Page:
# Data Visualization With R - Bar Plots

### Introduction

This is the fifth post in the series Data Visualization With R. In the previous post, we learnt how to build line graphs. In this post, we will visualize categorical data using univariate and bivariate bar plots.

• create
• simple bar plot
• stacked bar plot
• grouped bar plot
• modify bar
• direction
• color
• line color
• width
• labels
• modify axis range
• remove axes from the plot
• specify the line type of the X axes
• offset the Y axes
• modify legend

### Libraries, Code & Data

All the data sets used in this post can be found here and code can be downloaded from here.

### Bar Plot

A bar plot represents data in rectangular bars. The length of the bars are proportional to the values they represent. Bar plots can be either horizontal or vertical. The X axis of the plot represents the levels or the categories and the Y axis represents the frequency/count of the variable.

### Univariate Bar Plot

A univariate bar plot represents a single categorical variable. The categories in the variable are represented on the X axis and their frequencies on the Y axis. In the below example, the cyl variable from the mtcars data set is visualized using a bar plot. The categories or levels are 4, 6 and 8 which represent the number of cylinders in the automobile and are represented on the X axis. The frequency for each type of cylinder is represented by the Y axis.

In R, bar plots can be created using either the plot() or barplot() function. The input to both the functions are different. In case of the plot() function, we can specify the variable but it must be converted to a factor variable. In case of the barplot() function, the input must be the count or frequency of the variable. The table() function can be used to generate the counts/frequency for a variable. Let us use both the functions to create the bar plot:

plot(as.factor(mtcars$cyl)) ### Using barplot function barplot(table(mtcars$cyl))

If you observe carefully, the same plot is generated by both the functions. We will use the barplot() function for the rest of the post. Before we explore the bar plots further, let us store the data in a new variable instead of using the table() function in every example:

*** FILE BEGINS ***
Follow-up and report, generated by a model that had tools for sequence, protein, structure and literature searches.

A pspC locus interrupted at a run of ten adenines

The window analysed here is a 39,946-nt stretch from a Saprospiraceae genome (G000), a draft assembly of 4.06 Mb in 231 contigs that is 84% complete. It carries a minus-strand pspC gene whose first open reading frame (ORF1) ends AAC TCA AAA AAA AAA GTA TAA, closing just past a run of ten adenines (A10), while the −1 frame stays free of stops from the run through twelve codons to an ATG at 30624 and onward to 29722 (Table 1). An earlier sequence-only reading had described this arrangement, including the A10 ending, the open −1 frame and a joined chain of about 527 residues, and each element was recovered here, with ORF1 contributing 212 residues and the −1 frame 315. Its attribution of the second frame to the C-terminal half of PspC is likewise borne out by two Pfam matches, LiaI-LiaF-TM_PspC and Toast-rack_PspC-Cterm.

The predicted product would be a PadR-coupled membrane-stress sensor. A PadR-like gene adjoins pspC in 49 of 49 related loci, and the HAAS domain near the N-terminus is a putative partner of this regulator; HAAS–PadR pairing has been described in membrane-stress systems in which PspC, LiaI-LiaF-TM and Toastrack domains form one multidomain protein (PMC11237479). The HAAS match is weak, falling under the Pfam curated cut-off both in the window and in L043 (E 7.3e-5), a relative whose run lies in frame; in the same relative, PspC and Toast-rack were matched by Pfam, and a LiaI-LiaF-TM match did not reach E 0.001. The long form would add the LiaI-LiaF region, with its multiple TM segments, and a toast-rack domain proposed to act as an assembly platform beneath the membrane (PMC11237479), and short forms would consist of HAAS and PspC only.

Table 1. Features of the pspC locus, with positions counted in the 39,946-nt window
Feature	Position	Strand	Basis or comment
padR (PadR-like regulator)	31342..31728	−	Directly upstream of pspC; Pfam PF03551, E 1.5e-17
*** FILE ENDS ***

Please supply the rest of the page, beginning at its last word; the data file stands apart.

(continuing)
cyl_freq <- table(mtcars$cyl) cyl_freq ## ## 4 6 8 ## 11 7 14 ### Horizontal or Vertical Bar plots can be horizontal or veritcal (which is the default). Use the horiz argument in the barplot() function to build a horizontal bar plot. As you can see, the axis have been flipped. The Y axis represents the categories and the X axis represents their counts/frequencies. barplot(cyl_freq, horiz = TRUE) ### Bar Width In the bar plot, the width of the bars and the space between them are same. A specific category of the variable can be highlighted by increasing/decreasing the width of the bar representing it. In our example, we will increase the width of the bar that represents automobiles with 8 cylinders. The width argument is used to specify the width of the bars. The width must be specified for all the bars in the plot. It must be a vector the length of which must be equal to the number of categories of the variable. #### Equal Width barplot(cyl_freq, width = 2) #### Different Widths In the below example, the width of the third bar is twice the width of the other two bars barplot(cyl_freq, width = c(1, 1, 2)) In the below example, the width of the second bar is half the width of the other first bar and the third bar is twice the width of the first bar. barplot(cyl_freq, width = c(1, 0.5, 2)) The space between the bars can be specified in a similar manner but using the space argument in the barplot() function: In the below example, the space between the third bar and the second bar is twice the space between first and second bar. barplot(cyl_freq, space = c(1, 1, 2)) ### Labels It is important to add appropriate labels to the bars in order to communicate properly. In our example, the bars represent automobiles with different number of cylinders. The labels likewise indicate the number of cylinders represented by the bars. In order to demonstrate how to add labels, we will change the labels from numbers to their corresponding words. The names.arg argument is used to add labels to the bars in a plot. Below is our example: barplot(cyl_freq, names.arg = c('Four', 'Six', 'Eight')) It is important to specify labels for all the bars in the plot else R will return an error. ### Color Let us add some color to the plots. In a bar plot, we can specify different colors for the bars and their borders. Use the col argument to add color to the bars. ### Same color for all bars barplot(cyl_freq, col = 'blue') ### Differnt color for the bars barplot(cyl_freq, col = c('blue', 'red', 'green')) What happens if we do not specify color for all the bars? The colors you specify are recycled. ### Recycling colors barplot(cyl_freq, col = c('blue', 'red')) The border argument specifies the color of the border of the bars. The rules that apply to col argument apply here also. Below are the examples: ### Same color for all bars barplot(cyl_freq, border = 'blue') ### Differnt color for the bars barplot(cyl_freq, border = c('blue', 'red', 'green')) What happens if we do not specify color for all the bars? The colors you specify are recycled. ### Recycling colors barplot(cyl_freq, border = c('blue', 'red')) ### Axes In this section, we will learn to • remove axes from the plot • specify the line type of the X axes • offset the Y axes ### Remove axes The axes argument can be used to retain/remove the axes from the plot. It takes logical values as input and the default is TRUE. Set it to FALSE to remove the axes from the plot: barplot(cyl_freq, axes = FALSE) If we decide to retain the axes, the line type of the X axes can be specified using the axis.lty argument. It does not modify the line type of the Y axes and it will not work if the axes argument is set to FALSE. barplot(cyl_freq, axis.lty = 3) Though we cannot modify the line type of the Y axes, we can offset it using the offset argument. In the below example, we will offset the Y axes and you can observe that the minimum value of the Y axes is now 5 instead of 0. barplot(cyl_freq, offset = 5) You can similarly modify the range of the Y axes using the ylim argument. Although in case of bar plots, modifying the range of the plot may not be very useful. barplot(cyl_freq, ylim = c(0, 30)) ### Putting it all togetherâ€¦ Let us quickly revise what we have learnt so far in this post and build a bar plot for visualizing the cyl variable in the mtcars data set: barplot(cyl_freq, col = c('blue', 'red', 'green'), horiz = TRUE, width = c(1, 1, 2), names.arg = c('Four', 'Six', 'Eight'), axis.lty = 2, offset = 2) ### Title & Axis Labels Well the plot looks good but for someone who does not know the underlying data, it will diffficult to understand what is being communicated. Let us add a title and labels for the axes. barplot(cyl_freq, col = c('blue', 'red', 'green'), horiz = TRUE, width = c(1, 1, 2), names.arg = c('Four', 'Six', 'Eight'), axis.lty = 2, offset = 2) title(main = 'Distribution of Cylinders', xlab = 'Frequency', ylab = 'Number of Cylinders') ### Bivariate Bar Plots A bivariate bar plot represents the cross table or two way table of categorical variables. They are of two types: • Stacked Bar Plots • Grouped Bar Plots Before we look at bivariate bar plots, let us create a two way table of cyl (number of cylinders) and gear (number of gears) using the table() function: table(mtcars$gear)